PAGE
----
Germans know how to do beer. They also know how to do schnitzel, pork knuckle and wurst in monstrous Munich sizes. The newly opened and extremely popular Heisenberg Haus invites you to “Prost!” German style with a diverse range of Munich beers. The kids will love the menu inside the Grimm’s Fairy Tale book. Once they’ve ordered the biggest kids meal they’ve ever seen, they can sit back and read about Rumpelstiltskin.
Slow-paced, historical city
I have to keep reminding myself that Ipswich is a city. It retains much of its historical charm and requires nothing more than an amble to get from one end of the restored Top of Town District to the other. You’ll pass by the original shop facades and heritage buildings housing cafes, restaurants, boutiques and vintage stores.
Ipswich has the vibe of Newcastle in NSW – an area with an industrial history, and not so pleasant reputation, that during my early twenties started to find its own identity and flourished into a hip place to be without losing itself to big city chaos.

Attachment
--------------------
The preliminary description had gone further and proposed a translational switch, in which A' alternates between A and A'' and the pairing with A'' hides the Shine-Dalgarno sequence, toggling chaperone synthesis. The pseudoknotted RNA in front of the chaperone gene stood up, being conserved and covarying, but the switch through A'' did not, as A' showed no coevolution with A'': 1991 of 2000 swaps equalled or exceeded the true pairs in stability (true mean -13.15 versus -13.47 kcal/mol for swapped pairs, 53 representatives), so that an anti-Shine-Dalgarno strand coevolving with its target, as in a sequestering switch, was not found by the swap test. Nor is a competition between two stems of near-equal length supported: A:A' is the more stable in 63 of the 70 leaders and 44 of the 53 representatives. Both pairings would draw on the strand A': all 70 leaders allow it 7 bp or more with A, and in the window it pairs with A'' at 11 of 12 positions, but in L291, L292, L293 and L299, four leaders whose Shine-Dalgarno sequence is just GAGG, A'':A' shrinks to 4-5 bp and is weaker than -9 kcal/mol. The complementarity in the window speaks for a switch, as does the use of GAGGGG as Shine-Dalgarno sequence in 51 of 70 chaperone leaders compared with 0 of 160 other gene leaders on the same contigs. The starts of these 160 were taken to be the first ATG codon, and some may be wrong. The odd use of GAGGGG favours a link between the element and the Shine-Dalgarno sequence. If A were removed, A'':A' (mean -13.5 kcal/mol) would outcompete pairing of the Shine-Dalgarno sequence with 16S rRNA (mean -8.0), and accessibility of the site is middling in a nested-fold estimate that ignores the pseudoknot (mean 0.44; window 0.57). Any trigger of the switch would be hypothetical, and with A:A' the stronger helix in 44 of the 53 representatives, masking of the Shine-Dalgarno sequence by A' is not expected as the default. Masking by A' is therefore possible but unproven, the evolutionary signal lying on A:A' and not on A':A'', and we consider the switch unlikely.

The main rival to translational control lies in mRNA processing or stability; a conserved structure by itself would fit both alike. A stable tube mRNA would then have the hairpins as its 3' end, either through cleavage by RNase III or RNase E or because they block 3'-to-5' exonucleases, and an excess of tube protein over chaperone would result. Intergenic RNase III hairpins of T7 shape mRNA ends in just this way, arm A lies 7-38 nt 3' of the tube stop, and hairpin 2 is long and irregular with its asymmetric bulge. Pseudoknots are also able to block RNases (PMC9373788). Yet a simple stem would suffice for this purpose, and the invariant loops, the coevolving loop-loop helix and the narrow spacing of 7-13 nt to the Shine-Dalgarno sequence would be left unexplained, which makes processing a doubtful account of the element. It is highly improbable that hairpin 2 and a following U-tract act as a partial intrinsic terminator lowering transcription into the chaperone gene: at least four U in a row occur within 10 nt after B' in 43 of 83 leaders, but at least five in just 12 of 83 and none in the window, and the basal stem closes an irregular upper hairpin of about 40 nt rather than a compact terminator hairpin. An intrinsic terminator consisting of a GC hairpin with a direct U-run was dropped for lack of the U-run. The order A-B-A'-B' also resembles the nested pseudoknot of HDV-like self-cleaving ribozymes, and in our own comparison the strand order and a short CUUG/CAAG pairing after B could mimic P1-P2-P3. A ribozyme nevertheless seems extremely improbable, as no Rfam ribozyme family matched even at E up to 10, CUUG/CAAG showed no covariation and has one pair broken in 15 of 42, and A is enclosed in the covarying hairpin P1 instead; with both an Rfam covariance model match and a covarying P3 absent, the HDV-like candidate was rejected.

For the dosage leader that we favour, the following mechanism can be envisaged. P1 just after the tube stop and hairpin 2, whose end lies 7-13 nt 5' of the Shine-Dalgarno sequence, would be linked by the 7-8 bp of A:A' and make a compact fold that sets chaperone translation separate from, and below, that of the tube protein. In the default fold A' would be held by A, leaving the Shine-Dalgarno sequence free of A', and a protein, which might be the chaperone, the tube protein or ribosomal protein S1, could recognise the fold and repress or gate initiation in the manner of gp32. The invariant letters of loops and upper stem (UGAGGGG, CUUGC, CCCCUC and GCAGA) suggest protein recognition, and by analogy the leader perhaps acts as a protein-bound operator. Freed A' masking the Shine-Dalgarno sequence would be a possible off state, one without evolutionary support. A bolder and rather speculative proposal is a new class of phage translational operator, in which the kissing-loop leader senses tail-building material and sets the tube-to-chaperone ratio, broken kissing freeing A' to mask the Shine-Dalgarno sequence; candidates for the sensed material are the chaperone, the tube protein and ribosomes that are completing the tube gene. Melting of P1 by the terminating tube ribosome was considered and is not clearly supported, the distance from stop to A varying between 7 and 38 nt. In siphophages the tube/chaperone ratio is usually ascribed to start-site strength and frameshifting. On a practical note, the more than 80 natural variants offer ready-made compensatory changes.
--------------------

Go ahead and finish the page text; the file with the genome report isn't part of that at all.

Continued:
The Bremer River
Brisbane, you can thank the Bremer River for its narrowness, otherwise Ipswich would have been chosen as the state’s capital. You can learn more about this as you stroll beside it along the 1.2km boardwalk from the Bradfield Pedestrian Bridge to the Bob Gamble Park.
The Bremer River is a quiet meandering waterway with high banks covered in thick vegetation that runs through the centre of Ipswich. Because it’s so deep, you won’t even notice you’re in the city; I felt like I was in rural Laos rather than Australia.
Sunset and twilight is a pretty time to go for a walk, and if you like photography you can get some stunning shots of the heritage-listed railway bridge. Imagine the river rising to meet that bridge, which often happens during floods. It will blow your mind considering how far down below it is when the river is running low.
The best playgrounds ever + fun things for the kids
My daughter, Kalyra, has been just about everywhere in Australia and many exciting international destinations like Singapore and the USA. Ask her favourite place to visit and she just might shout out, “Ipswich. They have the best playgrounds ever!”